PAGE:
Welcome to the world of herbs! Herbs play a significant role in Persian cuisine, whether they are served fresh as an appetizer with bread and cheese or cooked into Kuku or Khoresht.
Herbs are integrated into Persian dishes not only to brighten up the colors and bring a brilliant herbal taste, but also to create luscious and earthy sauces. Ghormeh sabzi, Saak, and Khoresht-e Karafs are good examples.
What looks like a soup or a stew, but is neither? It is Aash!
Aash is a slow-cooked Persian dish that combines a variety of beans, grains, sometimes noodles, herbs, spices and meat. Its texture most resembles a thick soup.
Aash is quite versatile and has many variations. It can be a comfort food, but it can also be served “majlesie style” – meaning the kind of meal you’d serve at a fancy dinner party. It can be the main course, or be served in small quantities as part of a family-style spread. Aash has its roots in traditional Iranian holidays such as Nowruz, the Persian New Year.
A peasant food, at its core! And let’s face it, I’d eat like a peasant any day when the dish tastes this rich and yummy, and is yet very simple, quick and inexpensive!
Nargesi’s origin is back in the Caspian Sea region of Iran, where produce and vegetables are abundant. Spinach is a cherished and prized leafy green that is not only eaten raw in salads, but also cooked in various stews. It is a common belief in Iran that spinach adds flavor and more importantly a certain level of viscosity to stews.
In the West, we have the burger with all its glorious variations. In Iran, we have the Shami with many regional influences. Shami resembles a donut, with a hole in its center.
In the North of Iran, there is the green Shami, in which the beef patty is packed with fresh herbs and creamy walnuts. This variety, however, integrates spices into the meat, which is then mixed with cooked yellow split peas and processed in a food processor to create a smooth and creamy texture. Finally, it’s fried to golden perfection!
Fear not, though! While herbs are not integrated into this patty, all Persian food is accompanied with a platter of fresh herbs to bring a refreshing lightness and a life force to the table.
This is another gem in the Persian yogurt series. Yogurt plays such a significant role in the cuisine, and is always there to accompany a flavorful layered rice or well-seasoned stew.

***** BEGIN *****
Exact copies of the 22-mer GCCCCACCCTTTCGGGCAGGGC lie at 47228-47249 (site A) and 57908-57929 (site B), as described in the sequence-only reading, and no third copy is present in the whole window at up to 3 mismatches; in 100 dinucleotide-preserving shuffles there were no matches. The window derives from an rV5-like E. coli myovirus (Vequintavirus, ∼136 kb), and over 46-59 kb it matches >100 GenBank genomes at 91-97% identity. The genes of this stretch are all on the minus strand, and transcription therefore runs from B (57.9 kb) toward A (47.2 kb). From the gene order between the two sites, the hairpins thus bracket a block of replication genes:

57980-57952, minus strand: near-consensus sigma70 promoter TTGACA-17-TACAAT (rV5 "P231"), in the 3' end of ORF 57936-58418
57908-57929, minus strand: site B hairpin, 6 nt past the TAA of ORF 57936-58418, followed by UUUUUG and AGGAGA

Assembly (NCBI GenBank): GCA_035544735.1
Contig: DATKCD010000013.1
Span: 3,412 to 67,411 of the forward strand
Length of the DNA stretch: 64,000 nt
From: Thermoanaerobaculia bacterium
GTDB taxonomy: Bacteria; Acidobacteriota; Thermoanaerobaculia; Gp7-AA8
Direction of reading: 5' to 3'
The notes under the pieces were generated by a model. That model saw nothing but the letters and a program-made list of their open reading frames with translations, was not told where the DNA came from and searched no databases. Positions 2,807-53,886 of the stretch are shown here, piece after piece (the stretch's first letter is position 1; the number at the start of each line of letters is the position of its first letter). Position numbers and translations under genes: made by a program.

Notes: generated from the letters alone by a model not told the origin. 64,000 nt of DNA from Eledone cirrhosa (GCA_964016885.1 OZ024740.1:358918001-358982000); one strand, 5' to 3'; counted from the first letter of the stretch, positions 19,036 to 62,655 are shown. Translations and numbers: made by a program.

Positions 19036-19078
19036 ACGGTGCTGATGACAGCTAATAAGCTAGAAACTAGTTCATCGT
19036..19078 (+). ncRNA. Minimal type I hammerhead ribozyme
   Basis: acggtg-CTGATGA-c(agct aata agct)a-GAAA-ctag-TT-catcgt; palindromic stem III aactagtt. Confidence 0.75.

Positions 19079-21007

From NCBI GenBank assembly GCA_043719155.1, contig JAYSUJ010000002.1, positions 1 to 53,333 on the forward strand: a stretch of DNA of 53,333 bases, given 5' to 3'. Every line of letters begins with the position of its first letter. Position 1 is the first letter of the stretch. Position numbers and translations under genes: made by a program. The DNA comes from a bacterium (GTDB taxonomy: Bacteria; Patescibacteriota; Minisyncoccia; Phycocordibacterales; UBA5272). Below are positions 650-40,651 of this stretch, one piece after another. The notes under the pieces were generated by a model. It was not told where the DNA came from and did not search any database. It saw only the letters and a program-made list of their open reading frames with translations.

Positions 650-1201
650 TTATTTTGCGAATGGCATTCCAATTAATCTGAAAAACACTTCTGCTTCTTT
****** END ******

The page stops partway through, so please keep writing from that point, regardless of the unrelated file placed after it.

The star of this yogurt dish is Museer, a Persian shallot. Museer is best described as a mix between an elephant garlic and a shallot, and is packed with flavor, aroma and pungency.
This variety finds its roots in the the south eastern region of Iran, in the foothills of the Zagros mountain range. However, its popularity has spread throughout Iran and it has become another staple on the Persian table.
I mostly associate eating this yogurt with trips north to the Caspian Sea region. Whether this belief has actual merits or not, it has always been said that you can eat more garlic and not feel awkward about your breath when you are by the Caspian Sea, where the weather is tropical, humid and delightfully warm!
I made this yogurt today in Seattle’s mid 70’s degree Fahrenheit weather under partially cloudy skies and with very little humidity in sight! Far, far away from the magical power of the Caspian Sea to shield me from the consequences of eating so much Museer and garlic!
Yogurt is no stranger to Persian cuisine, and is frankly a mandatory side item on the table. Each region of Iran offers its own unique version of a yogurt dish to accompany a Persian meal.
In the North by the Caspian Sea, the specialty is a garlic and shallot yogurt, which has an intoxicating quantity of Persian shallots mixed into thick and creamy yogurt.
The variety in this recipe, which is more common throughout Iran, blends yogurt with grated cucumbers and dried mint, which are packed with flavors and aroma. To this then we add garlic, salt, pepper and rose petals to make sure that you fall completely in love!
Yogurt, whether plain or mixed, is typically served with a variety of Persian stews or rice dishes. Though, to make matters more interesting, it’s not considered compatible with every such dish!
Unlike the popular sugary and starch-thickened fat-free yogurt in the US, yogurt in Iran is full-fat, tangy, and flavored with salt and spices. And if we want to incorporate elements of sweetness, we simply reach for a few raisins!
Iran is the world’s largest producer of pistachios, so it’s no wonder that pistachios are mandatory at any Persian table for celebrations and offerings to guests.
Pistachios are roasted, salted, and typically flavored with various acidic ingredients that are a signature of the Iranian palate for sourness. They are often colored with saffron, another of Iran’s precious offerings to the world.
We’ve all had baklava made from one or another region of the world. Persian versions use a variety of different nuts, and my absolute favorite baklava is made with pistachios, rose water and cardamom.
This soup is very simple in composition but is flavorful and satisfying, showcasing and celebrating pistachios! Top the soup with pomegranate seeds when in season, or with barberries, and see how the rich and creamy flavors brighten and become even more inviting!
Here is another dish in the Kuku series. But this Kuku is quite special, as it highlights a vegetable that has been called the potato of Iran: none other than eggplant. Eggplant is such a unique vegetable, and – as my beloved cooking teacher would say – eggplant is a prima donna ingredient, and I could not agree more!